Edinburgh councillors claimed £24k bus pass bill as taxi costs increase

City councillors claimed almost £24,000 of public money for bus passes in one financial year – while tallying up a taxi bill of almost £4,000, an eightfold increase on the previous 12 months.

Saturday, 10th August 2019, 7:46 am

The council’s expenses documents reveal that 37 of the city authority’s 63 councillors claimed a Lothian Buses annual Rideacard, which costs £665. Liberal Democrat Cllr Louise Young claimed £992 for an annual rail pass while Labour Cllr Lezley Marion Cameron claimed a £665 bus pass, £745 in taxi fares – as well as having access to a free parking space in the city centre.

Cllr Cameron’s taxi bill in 2018/19 of £744.72 eclipsed the entire 63 councillors’ combined taxi expenses for the previous year, which totalled £508.76. SNP Cllr George Gordon claimed a £665 bus pass, a taxi bill of £468.14, rail fares of £28.30 and £148.95 in car mileage.

Bus pass costs totalled £23,898.35, taxis fares tallied up £3,811.86 and £1,276.95 was claimed for rail tickets by councillors during the 2018-19 financial year.

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“It is important that a councillor’s ability to afford to travel doesn’t impede their ability to effectively represent their constituents or the city.

“Expenses are a matter for the individual members but obviously we always encourage members to use the most sustainable mode of transport possible.”

Labour group leader Cllr Cammy Day added: “Access to bus passes, taxis or a parking space help us to do our duties in the city and in our wards we represent – but I think it’s a bit cheeky to have all three.

“Elected members need to take licence of public perception and not abuse that. I will be reinforcing to the Labour group on Monday, the appropriate use of the taxi account.”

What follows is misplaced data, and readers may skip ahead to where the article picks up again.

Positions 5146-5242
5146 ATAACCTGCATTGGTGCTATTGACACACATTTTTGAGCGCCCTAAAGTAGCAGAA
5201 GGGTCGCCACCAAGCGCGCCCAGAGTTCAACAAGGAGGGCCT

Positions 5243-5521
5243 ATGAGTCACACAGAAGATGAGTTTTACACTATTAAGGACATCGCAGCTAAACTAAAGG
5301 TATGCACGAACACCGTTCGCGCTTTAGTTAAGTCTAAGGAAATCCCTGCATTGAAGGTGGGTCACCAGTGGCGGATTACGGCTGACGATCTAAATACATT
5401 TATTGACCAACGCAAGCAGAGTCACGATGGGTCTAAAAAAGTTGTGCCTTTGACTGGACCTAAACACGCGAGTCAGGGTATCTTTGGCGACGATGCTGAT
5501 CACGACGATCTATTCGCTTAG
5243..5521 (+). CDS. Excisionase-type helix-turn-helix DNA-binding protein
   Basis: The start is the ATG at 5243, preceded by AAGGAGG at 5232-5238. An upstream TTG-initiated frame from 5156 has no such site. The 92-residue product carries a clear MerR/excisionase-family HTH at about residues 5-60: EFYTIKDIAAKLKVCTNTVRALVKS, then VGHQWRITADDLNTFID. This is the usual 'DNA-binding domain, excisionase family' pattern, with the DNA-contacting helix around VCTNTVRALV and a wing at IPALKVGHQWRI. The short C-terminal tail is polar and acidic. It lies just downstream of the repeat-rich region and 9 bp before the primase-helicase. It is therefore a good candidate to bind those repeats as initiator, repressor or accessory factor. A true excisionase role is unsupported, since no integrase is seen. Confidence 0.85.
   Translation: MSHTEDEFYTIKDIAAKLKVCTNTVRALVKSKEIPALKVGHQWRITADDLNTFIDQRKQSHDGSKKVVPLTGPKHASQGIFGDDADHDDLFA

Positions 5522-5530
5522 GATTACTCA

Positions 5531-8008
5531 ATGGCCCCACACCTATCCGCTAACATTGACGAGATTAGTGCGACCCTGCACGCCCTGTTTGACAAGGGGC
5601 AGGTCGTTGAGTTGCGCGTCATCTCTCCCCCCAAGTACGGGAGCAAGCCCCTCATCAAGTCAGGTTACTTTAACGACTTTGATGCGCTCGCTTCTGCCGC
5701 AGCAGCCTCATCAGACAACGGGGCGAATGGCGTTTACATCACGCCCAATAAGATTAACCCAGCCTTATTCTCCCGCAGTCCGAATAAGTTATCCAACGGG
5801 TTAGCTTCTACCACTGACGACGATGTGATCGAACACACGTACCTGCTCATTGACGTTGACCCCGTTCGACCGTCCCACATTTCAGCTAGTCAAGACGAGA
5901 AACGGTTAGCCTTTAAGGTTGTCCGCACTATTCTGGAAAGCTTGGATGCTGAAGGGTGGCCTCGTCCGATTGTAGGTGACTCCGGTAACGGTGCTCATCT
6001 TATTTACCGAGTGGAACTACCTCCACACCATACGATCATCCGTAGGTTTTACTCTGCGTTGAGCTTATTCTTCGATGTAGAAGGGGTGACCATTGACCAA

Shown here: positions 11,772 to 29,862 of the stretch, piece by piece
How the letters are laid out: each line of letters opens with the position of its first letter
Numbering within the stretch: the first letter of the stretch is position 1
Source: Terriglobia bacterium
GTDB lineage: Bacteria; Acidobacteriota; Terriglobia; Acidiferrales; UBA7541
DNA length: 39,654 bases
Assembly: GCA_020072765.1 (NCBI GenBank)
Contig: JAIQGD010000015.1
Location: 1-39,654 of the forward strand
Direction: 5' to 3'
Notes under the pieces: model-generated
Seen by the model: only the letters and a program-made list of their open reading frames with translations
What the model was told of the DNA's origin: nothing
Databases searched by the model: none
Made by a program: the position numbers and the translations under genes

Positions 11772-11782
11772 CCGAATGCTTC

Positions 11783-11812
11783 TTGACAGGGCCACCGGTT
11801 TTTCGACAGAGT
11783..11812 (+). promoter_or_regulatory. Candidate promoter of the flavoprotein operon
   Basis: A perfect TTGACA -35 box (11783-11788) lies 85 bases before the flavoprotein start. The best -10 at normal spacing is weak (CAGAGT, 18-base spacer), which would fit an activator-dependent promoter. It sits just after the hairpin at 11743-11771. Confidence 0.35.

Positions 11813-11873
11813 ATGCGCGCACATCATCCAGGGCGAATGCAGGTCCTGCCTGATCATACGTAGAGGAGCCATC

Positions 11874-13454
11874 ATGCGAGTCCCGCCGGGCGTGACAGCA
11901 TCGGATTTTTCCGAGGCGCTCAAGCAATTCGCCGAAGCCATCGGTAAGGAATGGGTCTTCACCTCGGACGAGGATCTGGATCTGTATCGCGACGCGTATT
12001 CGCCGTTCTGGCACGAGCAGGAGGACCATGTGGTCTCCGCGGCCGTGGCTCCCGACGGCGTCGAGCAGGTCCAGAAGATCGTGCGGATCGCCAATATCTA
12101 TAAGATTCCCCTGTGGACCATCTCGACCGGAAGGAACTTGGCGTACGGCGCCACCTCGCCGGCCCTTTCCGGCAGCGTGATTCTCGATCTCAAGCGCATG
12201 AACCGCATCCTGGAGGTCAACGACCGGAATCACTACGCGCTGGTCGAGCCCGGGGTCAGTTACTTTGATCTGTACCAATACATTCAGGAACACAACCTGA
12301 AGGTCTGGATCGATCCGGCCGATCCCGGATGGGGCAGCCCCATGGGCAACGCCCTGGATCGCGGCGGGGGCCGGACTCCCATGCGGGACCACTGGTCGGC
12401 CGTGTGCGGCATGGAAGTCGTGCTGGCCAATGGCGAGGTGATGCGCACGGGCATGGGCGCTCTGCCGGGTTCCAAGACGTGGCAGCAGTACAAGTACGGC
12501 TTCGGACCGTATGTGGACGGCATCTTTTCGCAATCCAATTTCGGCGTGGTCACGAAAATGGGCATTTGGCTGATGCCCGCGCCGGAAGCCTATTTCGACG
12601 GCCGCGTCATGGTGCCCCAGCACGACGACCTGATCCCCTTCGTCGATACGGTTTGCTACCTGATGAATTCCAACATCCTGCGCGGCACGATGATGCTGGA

Conservatives said some councillors using multiple means of free travel would raise eyebrows with the public.

Conservative group chairman Cllr Jason Rust, said: “It is important that there is legitimate use of expenses and that those in public office are accountable. I suspect most people would be aghast at regular usage of taxis from home to the City Chambers for instance or regular mileage claims where in receipt of a bus pass.

“However, it should also be remembered that members have to balance council, local ward and other commitments and these bus passes which are a taxable benefit in kind are to help fulfil their duties in their wards which involve sometimes multiple journeys in the space of one day and often in outlying areas. Our group is always conscious of the public purse in our decision-making.”

Liberal Democrat Cllr Kevin Lang said: “Given the financial challenge facing the council, it’s important that every part of the council’s spending is scrutinised so there is value for money. It’s always been my understanding that paying for annual bus passes is more cost effective than spending money on individual journeys.”

Co-convener of Green group, Cllr Melanie Main added: “Most councillors I know have very limited expenditure, linked to travel around their ward or being available by phone or email.

“For any councillors who are the exception to that, they need to review their costs and carbon footprint. Given the climate crisis and the council’s strategy for carbon neutral Edinburgh 2030, I would hope all our councillors consider very carefully how they travel and lead by example.”

A city council spokesperson said: “All elected members have the right to claim for costs incurred when travelling on council business. This includes bus journeys and necessary taxi travel.

“We are also proud to be an inclusive council and the diversity of our elected members is something we really value. As part of this, it is worth noting that a number of our councillors are entitled to additional support for disabilities under the Equalities Act and this may be reflected in their expenses.”